When I first saw the preview of Sunshine (2007), I thought it looked like it was going to be an exciting film. But, well, the trailor is much better than the film, which is a muddled mess, visually confusing with a silly story.
The sun is dying. The Icarus II project intends to ignite "a star within a star" (there's no other sciency explanation, not even trekky gobbeldigook science). This will restart the sun & save the world. And this requires a crew of eight to actually visit the sun. I doubt anyone much over the age of nine would be convinced.
I additionally had high hopes for Sunshine because the ship's Captain Kanada is played by Hiroyukie Sanada of Twilight Samurai (Tasogare Seibei, 2002).
Hiroyuke is one of the world's great & sensitive actors. But he had a little trouble acting outside his first language, especially with the crappy dialogue he is given, so that he's really only good in his silent passages.
And then, alas, because there was no black guy on board to be the first-man-dead, Captain Kanada is first to get fried by the sun when the magic sunshade needs fixing. After that there is not one actor of any consequence, & no character of interest, though to be fair it's the direction & the writing & the lame special FX that renders the actors so useless, & in almost any other film one or two of the cast could've been fine.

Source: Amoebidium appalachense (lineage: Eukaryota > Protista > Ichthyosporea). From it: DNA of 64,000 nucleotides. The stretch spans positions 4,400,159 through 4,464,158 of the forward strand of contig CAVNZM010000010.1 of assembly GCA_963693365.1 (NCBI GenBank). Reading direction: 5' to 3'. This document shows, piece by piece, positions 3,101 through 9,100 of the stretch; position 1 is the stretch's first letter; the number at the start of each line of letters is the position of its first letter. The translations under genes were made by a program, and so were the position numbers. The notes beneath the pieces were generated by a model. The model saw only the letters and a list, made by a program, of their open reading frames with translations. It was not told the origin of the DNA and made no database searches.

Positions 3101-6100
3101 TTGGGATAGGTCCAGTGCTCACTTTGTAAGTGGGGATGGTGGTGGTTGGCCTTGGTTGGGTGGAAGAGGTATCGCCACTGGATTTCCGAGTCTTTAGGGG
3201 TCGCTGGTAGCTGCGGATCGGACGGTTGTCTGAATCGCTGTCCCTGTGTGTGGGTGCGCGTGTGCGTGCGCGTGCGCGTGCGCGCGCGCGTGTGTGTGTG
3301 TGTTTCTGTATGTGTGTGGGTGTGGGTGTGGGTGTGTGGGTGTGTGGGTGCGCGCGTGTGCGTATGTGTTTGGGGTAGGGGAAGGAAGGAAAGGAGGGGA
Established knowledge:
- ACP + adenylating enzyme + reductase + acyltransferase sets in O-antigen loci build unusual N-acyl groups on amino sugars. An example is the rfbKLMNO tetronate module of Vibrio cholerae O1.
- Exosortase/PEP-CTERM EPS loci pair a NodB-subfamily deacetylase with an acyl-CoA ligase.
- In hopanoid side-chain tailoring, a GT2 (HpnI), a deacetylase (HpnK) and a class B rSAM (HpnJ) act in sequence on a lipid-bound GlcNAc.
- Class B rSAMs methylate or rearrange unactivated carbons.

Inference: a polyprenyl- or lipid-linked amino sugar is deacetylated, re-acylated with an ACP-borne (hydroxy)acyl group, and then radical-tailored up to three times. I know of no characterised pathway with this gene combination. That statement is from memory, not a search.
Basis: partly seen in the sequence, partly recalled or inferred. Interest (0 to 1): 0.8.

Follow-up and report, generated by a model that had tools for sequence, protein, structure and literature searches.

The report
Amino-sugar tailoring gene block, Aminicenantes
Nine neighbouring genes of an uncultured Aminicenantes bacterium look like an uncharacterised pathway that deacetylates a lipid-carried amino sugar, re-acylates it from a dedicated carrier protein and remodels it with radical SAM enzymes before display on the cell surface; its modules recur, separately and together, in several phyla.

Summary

It's also dragged down by its 1980s style New Age music score, which is creepy but not supposed to be. And since the acting style seems to require everyone be zombified, the new age score just makes them seem sleepier.
Between the familiarity of set pieces borrowed from better films, & the pokiness of the unconvincing story, it's a real snoozer for the viewer as well as the sleepy cast.
For a whole hour of terrible dialogue, bad visual art design, silly costuming (think gold lamme space suits), & the phoniest melodramatics, it's maddening enough to make one hope the filmmakers never get another green-light ever again, despite that Danny Boyle's 28 Days Later (2002) had been so effective, for the first half at least.
Icarus is also the name of a HAL-type 2001 Space Odyssey (1968) artificial intelligence that runs the ship or is the ship, only with a girl's voice (Chipo Chung) instead of a sissy's. But the AI is not much used in the story.
Five minutes into the film we see a meal-time scene that seems self-consciously to emulate the same scene from Alien (1979). There's also a touch of Dark Star (1974) in the increasing air of grubbiness on board the Icarus.
In the future, communication with Earth will not be possible once one reaches the inner planets, & never mind that even with today's technology that's not a problem. So the crew is truly on their own except for they pick up a signal from Icarus I, the mysteriously lost first ship whose crew was supposed to re-ignite the sun.
A big retarded melodrama is made out of deciding whether or not to go find out what happened to the ship & if there are any survivors (though we're pretty much told that that would be an impossibility). Of course the decision to do this turns out to be a truly bad choice. So carnage ensues, lots of Icarus II gets wrecked, & the mission that would save Earth seems impossible to achieve.